Ever Tobacco Status- Baseline (n)Odds RatioNumber Smoking At One Year (%)



Never tobacco use (9,058)Referent175 (79.9)
E-cigarettes (255)2.1211 (5.0)
Hookah (189)2.158 (3.7)
Other combustible (114)3.087 (3.2)
Smokeless tobacco (93)1.533 (1.4)
Two or more products (200)3.8115 (6.8)



All (9,909)
219 (100)
Original author: Brad Rodu
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The US media is losing its mind over vaping and Juul – the questions a credible journalist should ask

April 9th, 2018

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Principal Investigator of Alcohol Clinical Trial is Hiding its Industry Funding from the Public and Potential Research Subjects

I have already explained why I think the Moderate Alcohol and Cardiovascular Health (MACH15) clinical trial should be immediately halted because of both scientific and ethical breaches in the way the research was planned. Today, I reveal what I believe is misconduct in the actual conduct of the trial: namely, in the communication of the research sponsors to the public.

I believe that the public -- and especially research subjects -- have the right to know who is funding a clinical trial that is seeking their participation. In fact, there are rules requiring the sponsors of such studies to be revealed to the public. However, I believe the MACH15 study is violating these principles by hiding its true sponsors from the public.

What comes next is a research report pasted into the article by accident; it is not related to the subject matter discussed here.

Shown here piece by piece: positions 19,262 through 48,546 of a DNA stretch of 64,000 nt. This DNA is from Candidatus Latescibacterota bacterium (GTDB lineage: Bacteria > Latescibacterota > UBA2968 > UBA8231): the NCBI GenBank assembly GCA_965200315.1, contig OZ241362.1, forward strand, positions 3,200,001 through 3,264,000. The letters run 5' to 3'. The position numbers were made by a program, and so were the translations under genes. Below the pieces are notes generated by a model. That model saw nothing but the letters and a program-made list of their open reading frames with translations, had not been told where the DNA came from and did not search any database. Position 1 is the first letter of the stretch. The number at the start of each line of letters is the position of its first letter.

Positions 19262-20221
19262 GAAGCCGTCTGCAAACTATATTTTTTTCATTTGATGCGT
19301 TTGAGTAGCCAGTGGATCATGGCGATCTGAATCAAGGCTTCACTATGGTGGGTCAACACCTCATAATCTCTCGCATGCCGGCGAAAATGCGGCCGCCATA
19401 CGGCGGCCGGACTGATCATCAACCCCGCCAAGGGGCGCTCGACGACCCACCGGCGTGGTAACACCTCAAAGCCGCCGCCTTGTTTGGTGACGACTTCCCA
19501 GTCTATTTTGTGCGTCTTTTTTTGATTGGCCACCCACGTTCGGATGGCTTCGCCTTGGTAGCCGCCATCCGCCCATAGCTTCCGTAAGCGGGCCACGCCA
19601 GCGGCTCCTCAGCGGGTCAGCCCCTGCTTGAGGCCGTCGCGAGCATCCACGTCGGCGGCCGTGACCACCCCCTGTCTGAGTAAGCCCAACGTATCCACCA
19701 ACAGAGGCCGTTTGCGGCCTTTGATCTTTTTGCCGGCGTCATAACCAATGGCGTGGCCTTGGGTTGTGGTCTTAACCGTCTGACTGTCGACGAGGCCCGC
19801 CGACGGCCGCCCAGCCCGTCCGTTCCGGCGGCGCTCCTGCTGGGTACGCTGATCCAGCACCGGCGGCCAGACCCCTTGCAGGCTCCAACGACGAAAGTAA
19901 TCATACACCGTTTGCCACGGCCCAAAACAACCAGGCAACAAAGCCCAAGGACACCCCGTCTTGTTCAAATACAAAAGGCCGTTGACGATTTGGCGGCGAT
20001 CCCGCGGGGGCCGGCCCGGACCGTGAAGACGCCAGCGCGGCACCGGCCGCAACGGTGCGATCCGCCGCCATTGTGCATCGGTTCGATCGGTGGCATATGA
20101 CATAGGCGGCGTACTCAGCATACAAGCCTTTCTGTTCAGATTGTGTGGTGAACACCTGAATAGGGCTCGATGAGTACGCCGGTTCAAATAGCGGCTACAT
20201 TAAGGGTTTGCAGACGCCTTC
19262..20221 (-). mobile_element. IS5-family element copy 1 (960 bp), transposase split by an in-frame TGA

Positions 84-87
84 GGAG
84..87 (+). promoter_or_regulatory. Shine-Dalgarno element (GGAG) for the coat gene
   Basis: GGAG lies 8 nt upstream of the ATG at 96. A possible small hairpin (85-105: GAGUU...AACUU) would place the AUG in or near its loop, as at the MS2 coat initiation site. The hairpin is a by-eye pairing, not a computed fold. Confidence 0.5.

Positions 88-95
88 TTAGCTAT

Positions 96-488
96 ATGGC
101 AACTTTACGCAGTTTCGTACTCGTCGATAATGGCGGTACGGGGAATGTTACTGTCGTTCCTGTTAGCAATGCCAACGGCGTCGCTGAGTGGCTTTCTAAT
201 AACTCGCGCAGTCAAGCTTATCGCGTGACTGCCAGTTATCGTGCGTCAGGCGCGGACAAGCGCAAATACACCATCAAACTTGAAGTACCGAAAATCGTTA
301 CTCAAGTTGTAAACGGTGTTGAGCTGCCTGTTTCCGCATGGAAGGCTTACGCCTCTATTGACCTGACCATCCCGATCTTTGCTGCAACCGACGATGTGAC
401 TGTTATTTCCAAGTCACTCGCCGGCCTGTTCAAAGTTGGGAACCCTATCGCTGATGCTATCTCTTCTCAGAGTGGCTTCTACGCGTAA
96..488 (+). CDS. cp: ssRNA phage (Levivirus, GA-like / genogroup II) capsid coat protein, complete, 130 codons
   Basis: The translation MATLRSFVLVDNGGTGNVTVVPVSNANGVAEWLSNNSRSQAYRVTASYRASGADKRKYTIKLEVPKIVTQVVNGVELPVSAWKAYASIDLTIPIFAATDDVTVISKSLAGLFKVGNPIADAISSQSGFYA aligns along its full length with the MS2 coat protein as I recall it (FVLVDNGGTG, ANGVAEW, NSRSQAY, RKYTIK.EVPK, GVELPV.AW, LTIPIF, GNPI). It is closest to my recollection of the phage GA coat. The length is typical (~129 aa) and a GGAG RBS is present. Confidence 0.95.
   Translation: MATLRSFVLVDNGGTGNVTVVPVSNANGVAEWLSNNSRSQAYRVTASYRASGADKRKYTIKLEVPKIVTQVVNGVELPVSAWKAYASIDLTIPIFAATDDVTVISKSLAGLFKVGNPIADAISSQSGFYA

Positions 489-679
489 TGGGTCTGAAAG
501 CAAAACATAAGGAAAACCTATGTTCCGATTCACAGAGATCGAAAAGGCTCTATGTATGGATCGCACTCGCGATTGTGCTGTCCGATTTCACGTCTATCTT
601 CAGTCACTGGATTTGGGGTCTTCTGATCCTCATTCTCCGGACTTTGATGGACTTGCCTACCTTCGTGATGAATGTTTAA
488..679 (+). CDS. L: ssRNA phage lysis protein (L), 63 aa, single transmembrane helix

The Rest of the Story

On the study web site, the study sponsor is reported as being the "National Institute on Alcohol Abuse and Alcoholism (NIAAA)." However, nowhere on the site does it disclose that the real sponsor behind the research are alcohol companies, which have ponied up to cover two-thirds of the cost of the entire research project. The alcohol money is being funneled through a "middle man" (the NIH Foundation) on its way to NIAAA, but the source of the money is clear: this is an alcohol industry-funded study. In violation of ethical principles for the conduct of research, this critical information is not being disclosed to the public on the project web site.